Cybersecurity in Healthcare (Hospitals & Care Centres)


Last updated on April 12, 2024 6:14 pm

Learn about cybersecurity in healthcare and the challenges it presents. Discover practical ways to improve cybersecurity and protect sensitive data. Join the project for helpful resources and insights.

Add your review

The Cybersecurity in Healthcare MOOC was developed as part the project. This project has received funding from the European Union’s Horizon 2020 Coordination Research and Innovation Action under Grant Agreement No. 826497.

The course “Cybersecurity in Healthcare” has been developed to raise awareness and understanding the role of cybersecurity in healthcare (e.g., hospitals, care centres, clinics, other medical or social care institutions and service organisations) and the challenges that surround it. In this course, we will cover both theoretical and practical aspects of cybersecurity. We look at both social aspects as technical aspects that come into play. Furthermore, we offer helpful resources that cover different aspects of cybersecurity. Even if you are not active in the healthcare domain, you will find helpful tips and insights to deal with cybersecurity challenges within any other organisation or in personal contexts as well.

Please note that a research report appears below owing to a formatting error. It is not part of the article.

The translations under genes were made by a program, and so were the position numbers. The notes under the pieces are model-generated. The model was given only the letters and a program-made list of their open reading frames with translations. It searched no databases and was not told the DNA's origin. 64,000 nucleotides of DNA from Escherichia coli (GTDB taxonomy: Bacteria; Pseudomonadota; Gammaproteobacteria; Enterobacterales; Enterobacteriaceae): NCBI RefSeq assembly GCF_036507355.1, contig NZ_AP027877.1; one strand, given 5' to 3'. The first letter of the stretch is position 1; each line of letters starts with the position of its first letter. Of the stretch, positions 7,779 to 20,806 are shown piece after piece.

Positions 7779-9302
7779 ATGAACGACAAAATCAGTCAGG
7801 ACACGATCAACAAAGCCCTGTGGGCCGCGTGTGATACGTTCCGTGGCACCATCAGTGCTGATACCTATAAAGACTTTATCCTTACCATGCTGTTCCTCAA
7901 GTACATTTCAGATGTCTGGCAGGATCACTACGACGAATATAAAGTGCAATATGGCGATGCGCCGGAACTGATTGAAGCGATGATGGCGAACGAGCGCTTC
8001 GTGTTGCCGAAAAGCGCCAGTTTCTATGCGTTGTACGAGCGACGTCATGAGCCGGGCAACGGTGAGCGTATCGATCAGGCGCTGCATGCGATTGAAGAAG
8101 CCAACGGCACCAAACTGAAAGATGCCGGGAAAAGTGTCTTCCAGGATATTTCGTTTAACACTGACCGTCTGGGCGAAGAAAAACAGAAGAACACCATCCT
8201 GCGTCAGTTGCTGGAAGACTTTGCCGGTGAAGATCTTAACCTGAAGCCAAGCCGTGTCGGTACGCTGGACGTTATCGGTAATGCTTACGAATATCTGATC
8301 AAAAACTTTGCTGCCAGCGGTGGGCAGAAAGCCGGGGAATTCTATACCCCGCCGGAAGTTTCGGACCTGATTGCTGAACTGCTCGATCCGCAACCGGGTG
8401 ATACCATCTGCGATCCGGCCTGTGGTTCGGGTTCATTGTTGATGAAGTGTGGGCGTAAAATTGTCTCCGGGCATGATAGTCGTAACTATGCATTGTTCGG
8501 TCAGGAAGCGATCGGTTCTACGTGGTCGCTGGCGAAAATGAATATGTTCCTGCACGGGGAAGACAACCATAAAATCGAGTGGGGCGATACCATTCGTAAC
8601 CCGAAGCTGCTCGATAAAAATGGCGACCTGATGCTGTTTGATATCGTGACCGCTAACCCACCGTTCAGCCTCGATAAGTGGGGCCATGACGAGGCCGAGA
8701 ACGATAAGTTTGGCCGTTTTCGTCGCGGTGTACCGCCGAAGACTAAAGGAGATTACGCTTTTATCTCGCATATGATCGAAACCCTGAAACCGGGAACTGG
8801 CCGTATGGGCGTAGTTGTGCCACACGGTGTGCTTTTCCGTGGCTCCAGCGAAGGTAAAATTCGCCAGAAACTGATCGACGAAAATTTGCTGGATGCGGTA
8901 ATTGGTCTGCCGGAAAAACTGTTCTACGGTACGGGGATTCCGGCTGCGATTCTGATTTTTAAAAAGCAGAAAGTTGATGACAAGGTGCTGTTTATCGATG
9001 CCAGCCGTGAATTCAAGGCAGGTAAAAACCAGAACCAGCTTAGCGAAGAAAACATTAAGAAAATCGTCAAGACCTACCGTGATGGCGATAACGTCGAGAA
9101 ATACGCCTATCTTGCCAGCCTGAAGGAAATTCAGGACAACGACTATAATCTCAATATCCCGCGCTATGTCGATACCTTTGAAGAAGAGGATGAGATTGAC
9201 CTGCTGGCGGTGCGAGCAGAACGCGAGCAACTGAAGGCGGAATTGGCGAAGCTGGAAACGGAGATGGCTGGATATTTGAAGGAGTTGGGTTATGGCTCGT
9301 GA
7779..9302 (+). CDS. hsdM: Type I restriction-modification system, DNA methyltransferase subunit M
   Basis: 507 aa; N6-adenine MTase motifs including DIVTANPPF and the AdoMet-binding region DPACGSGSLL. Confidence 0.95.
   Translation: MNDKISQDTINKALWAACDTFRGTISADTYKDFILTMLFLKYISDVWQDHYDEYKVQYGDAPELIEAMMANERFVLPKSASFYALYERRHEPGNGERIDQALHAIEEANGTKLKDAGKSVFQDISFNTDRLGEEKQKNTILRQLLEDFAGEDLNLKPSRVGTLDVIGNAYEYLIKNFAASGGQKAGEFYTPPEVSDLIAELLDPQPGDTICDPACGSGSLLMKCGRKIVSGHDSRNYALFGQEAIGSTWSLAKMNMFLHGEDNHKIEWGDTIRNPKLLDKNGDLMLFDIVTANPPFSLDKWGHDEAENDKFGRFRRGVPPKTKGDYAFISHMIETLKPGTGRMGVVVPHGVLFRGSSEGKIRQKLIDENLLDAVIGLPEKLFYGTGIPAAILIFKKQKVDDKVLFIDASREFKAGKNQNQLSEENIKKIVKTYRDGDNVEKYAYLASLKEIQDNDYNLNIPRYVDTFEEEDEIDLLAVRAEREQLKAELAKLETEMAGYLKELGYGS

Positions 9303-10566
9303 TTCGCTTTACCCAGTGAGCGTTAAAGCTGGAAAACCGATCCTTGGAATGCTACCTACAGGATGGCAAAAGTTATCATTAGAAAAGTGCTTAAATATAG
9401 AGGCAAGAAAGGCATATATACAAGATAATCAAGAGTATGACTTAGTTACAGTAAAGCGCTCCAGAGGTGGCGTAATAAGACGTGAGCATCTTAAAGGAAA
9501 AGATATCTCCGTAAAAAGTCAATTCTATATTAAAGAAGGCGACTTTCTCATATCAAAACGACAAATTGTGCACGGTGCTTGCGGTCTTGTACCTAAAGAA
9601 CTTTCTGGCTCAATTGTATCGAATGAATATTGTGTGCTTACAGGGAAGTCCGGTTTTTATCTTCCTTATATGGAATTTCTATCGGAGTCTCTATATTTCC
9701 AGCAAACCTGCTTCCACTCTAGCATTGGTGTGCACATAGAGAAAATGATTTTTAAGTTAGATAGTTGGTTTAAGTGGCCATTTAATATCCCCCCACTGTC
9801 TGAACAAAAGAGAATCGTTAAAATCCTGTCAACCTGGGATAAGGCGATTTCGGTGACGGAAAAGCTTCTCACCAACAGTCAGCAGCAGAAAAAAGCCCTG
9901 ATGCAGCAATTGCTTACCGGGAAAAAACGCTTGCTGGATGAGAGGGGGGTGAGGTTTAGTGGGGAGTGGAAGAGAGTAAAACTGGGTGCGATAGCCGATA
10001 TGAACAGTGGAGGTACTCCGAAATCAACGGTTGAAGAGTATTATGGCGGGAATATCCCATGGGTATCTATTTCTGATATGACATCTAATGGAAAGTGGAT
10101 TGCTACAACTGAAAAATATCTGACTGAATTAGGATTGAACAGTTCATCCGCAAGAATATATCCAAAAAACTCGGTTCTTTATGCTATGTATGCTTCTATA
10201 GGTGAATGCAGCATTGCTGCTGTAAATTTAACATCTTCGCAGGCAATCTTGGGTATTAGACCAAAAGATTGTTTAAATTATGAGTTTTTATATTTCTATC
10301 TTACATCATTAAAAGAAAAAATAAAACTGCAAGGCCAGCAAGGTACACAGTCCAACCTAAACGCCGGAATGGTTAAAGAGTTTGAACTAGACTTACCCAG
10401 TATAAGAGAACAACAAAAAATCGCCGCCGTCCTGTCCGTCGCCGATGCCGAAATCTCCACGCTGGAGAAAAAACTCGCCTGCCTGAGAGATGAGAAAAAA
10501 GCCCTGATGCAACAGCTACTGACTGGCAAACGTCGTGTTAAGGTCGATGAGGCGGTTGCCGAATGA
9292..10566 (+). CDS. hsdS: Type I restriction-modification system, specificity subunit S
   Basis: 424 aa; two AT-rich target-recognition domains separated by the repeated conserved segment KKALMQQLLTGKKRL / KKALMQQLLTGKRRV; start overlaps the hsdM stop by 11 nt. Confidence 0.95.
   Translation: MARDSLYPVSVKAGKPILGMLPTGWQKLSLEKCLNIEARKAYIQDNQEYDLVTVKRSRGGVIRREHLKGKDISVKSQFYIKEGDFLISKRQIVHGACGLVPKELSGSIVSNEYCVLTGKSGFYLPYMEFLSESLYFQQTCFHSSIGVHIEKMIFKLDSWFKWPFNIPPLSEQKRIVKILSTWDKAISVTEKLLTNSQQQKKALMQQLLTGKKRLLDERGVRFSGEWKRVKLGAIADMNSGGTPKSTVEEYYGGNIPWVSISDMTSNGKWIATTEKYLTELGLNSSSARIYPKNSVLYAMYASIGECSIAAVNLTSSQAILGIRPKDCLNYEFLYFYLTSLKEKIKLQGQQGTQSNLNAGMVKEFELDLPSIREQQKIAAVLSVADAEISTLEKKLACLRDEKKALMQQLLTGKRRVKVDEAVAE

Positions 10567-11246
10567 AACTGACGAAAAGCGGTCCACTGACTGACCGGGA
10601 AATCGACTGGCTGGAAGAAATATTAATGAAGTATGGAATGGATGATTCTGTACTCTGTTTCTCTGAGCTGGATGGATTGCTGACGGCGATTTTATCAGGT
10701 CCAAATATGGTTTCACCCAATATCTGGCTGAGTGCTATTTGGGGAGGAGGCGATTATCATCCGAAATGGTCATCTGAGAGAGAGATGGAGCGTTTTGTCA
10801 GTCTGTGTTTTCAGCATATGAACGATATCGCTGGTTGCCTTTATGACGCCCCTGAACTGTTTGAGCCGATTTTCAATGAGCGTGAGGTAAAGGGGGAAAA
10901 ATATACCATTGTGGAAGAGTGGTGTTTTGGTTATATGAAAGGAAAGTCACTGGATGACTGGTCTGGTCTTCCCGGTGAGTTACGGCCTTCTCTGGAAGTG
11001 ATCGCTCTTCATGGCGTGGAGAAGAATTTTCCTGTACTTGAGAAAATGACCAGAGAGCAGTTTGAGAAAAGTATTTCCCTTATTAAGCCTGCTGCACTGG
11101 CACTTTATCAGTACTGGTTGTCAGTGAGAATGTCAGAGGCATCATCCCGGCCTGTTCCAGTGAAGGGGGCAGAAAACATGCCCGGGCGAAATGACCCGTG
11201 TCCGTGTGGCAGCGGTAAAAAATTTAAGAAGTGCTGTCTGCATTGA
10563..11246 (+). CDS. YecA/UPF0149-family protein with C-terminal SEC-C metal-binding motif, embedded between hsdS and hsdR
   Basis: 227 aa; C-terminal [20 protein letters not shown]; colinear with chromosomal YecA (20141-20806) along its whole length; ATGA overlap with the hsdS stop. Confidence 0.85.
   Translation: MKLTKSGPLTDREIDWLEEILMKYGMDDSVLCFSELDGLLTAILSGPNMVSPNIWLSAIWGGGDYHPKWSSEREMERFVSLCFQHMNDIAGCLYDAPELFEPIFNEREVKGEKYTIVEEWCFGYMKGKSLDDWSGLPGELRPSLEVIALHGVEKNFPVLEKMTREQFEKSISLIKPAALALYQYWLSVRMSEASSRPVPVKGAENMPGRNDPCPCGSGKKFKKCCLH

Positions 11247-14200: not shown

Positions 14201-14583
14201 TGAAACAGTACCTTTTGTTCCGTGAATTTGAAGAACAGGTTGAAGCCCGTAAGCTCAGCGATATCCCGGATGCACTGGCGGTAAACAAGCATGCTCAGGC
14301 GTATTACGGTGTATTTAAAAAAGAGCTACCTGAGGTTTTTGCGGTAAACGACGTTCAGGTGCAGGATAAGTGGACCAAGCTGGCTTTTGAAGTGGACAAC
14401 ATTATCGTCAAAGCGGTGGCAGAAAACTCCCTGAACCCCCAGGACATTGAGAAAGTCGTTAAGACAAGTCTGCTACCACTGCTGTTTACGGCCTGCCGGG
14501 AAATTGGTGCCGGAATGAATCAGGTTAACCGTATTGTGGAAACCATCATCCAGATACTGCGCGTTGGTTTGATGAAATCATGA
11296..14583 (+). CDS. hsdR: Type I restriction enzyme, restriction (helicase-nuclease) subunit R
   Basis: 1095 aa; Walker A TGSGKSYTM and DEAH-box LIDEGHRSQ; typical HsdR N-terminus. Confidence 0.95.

This course begins by introducing the opportunities and challenges that digitalisation of healthcare services has created. It explains how the rise of technologies and proliferation of (medical) data has become an attractive target to cybercriminals, which is essential in understanding why adequate cybersecurity measures are critical within the healthcare environment. In later modules, course contents cover the threats, both inside and outside of healthcare organisations like e.g. social engineering and hacking. Module 4 on Cyber Hygiene describes how to improve cybersecurity within healthcare organisations in practical ways. Module 5 looks deeper into how organisational culture affects cybersecurity, the cybersecurity culture, focusing on the interaction between human behaviour and technology and how organisational factors can boost or diminish the level and attention to cybersecurity in healthcare.
Do you work for a hospital, clinic, medical practice, care centre, care provider, social care organisation, or nursing home? Do you want to improve your personal or your organisation’s cybersecurity (cyber security, IT security, information security, network security, computer security, awareness)? Then please visit to gain access to a range of resources. You can also join the Security providers and Trainers platform (see: or our Community of Practice (see:

What you will learn

Cybersecurity in healthcare: technology, data, and human behaviour